The Royal Academy – ‘David Hockney RA: A Bigger Picture’

David Hockney – Biography

Tate Collection – Damien Hirst

www.figurines-ornaments.com – 1st Review of New Sculpture Buying Website

August 23, 2010 on 7:32 pm | In High Porcelain, Sculptures, Trinkets, Website Review | 1 Comment

Never to be pigeon-holed, Fineartblog likes to broaden its horizons and recently we came across a beautifully looking shopping site that wet our artistic taste buds: www.figurines-ornaments.com

Figurines and Ornaments is a comprehensive and lovingly put together website that, at the moment, sells 3 of the UK’s & indeed Europe’s most collectable brands of: High Porcelain, Sculptures, bangles and trinkets; those brands are: Lladro, Nao & Halcyon Days respectively.

Top 5 things we like about this new site:

1) Really competitive prices

2) Easy to use

3) Lots of categories & ways to search

4) Good looking website

5) Easy to contact them

Some of the many ways to search:

We contacted the website and asked them to say a few words for our blog:

‘There is a huge demand in the UK and abroad for Lladro & Halcyon Days, & particularly Lladro is one of the worlds biggest brands & we are proud to officially retail them…we hope coming to our site is an enriching experience for you, gazing in delight at our products and the immense dedication it has taken to create them’

We have bookmarked the site and have asked them to keep us abreast of any new developments.

So for all you lovers of Figurines and Ornaments we recommend them and give it a rating of 8.5/10.

Well keep you posted

Thank you


Do you know any new art related websites out there? Have you got a review? Contact us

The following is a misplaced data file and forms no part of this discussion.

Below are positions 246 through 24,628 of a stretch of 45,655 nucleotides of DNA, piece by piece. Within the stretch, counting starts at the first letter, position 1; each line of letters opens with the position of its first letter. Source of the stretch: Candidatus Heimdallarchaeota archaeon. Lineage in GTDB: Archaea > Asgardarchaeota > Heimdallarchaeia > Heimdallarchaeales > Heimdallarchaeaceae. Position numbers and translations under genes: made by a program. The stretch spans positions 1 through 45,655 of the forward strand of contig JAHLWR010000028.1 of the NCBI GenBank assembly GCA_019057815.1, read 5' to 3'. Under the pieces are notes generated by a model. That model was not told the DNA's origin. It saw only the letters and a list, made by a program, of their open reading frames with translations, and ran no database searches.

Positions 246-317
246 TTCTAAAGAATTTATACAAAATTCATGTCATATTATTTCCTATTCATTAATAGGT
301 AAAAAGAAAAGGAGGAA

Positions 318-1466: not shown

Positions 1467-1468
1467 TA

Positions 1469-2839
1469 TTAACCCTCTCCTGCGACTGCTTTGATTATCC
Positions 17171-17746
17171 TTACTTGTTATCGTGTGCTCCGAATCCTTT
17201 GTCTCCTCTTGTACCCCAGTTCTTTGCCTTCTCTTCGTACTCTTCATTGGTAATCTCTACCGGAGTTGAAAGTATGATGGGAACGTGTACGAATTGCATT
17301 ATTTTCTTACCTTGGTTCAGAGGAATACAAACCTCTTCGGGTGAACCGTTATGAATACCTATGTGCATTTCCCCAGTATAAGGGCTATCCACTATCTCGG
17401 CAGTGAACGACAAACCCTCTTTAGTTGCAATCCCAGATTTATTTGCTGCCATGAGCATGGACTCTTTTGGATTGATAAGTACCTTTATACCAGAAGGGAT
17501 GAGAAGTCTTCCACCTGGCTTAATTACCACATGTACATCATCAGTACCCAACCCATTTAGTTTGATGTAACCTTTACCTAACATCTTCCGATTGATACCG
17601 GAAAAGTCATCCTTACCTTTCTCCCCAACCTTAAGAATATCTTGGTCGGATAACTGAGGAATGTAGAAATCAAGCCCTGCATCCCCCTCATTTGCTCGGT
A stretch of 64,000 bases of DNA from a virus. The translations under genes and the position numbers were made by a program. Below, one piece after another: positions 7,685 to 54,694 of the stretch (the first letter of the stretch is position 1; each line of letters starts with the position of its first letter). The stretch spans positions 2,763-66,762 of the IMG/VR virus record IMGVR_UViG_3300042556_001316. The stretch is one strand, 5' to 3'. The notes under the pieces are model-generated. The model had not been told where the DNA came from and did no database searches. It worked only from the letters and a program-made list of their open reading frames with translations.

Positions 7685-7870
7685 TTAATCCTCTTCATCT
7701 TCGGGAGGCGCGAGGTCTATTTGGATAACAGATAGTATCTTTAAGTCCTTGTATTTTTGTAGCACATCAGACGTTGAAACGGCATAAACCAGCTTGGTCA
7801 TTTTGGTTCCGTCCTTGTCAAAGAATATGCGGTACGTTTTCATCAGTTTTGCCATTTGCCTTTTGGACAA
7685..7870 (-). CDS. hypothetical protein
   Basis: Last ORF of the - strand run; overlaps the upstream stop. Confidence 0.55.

Artist Lorenzo Quinn Must be very ‘handy’ to have around!

April 14, 2010 on 12:17 pm | In Collections, Lorenzo Quinn, Sculptures | No Comments

European sculptor Lorenzo Quinn is currently one of the nation’s most popular sculpture artists. His latest releases, simply called the ‘Resin Collection,’ feature the theme of hands. Lorenzo’s decision on this was based on his belief that sculptures are made to be ‘touched’ & hands are very emotive & can represent many different and opposing emotions.

‘I Give You My Soul’ by Lorenzo Quinn
(Limited edition bronze resin sculpture)

The sculpture above is very emotive, the butterfly represents the soul being given away, the hands are releasing it, or gently capturing it. The hands are so well sculpted they look almost real, and I could imagine having this piece on a windowsill where light would shine through and make the colours on the butterfly change as you pass by.

‘First Love by’ Lorenzo Quinn
(Limited edition bronze resin sculpture)

‘First Love’ reminds us simply of our first love. Lorenzo created this to show the delicate balance of emotions and how easily one could topple the rest. I think it is brilliant how he has made the sculpture look so poised and balanced.

‘Creation’ by Lorenzo Quinn
(Limited edition bronze resin sculpture)

I love this piece because the egg is something very symbolic. To some it may represent fertility, or of the age old question of which came first: the chicken or the egg? The hands inside make me think of the first contact of parent and child & there are so many other different meanings a viewer could conjure up while admiring this piece. This is such an emotive piece and the idea of it is beautiful.

A little known fact aboue Lorenzo Quinn is that his collector base is not exclusive to the UK or Europe, as he exhibits his art in 5 different continents, which shows his exceptional talent to break into so many markets.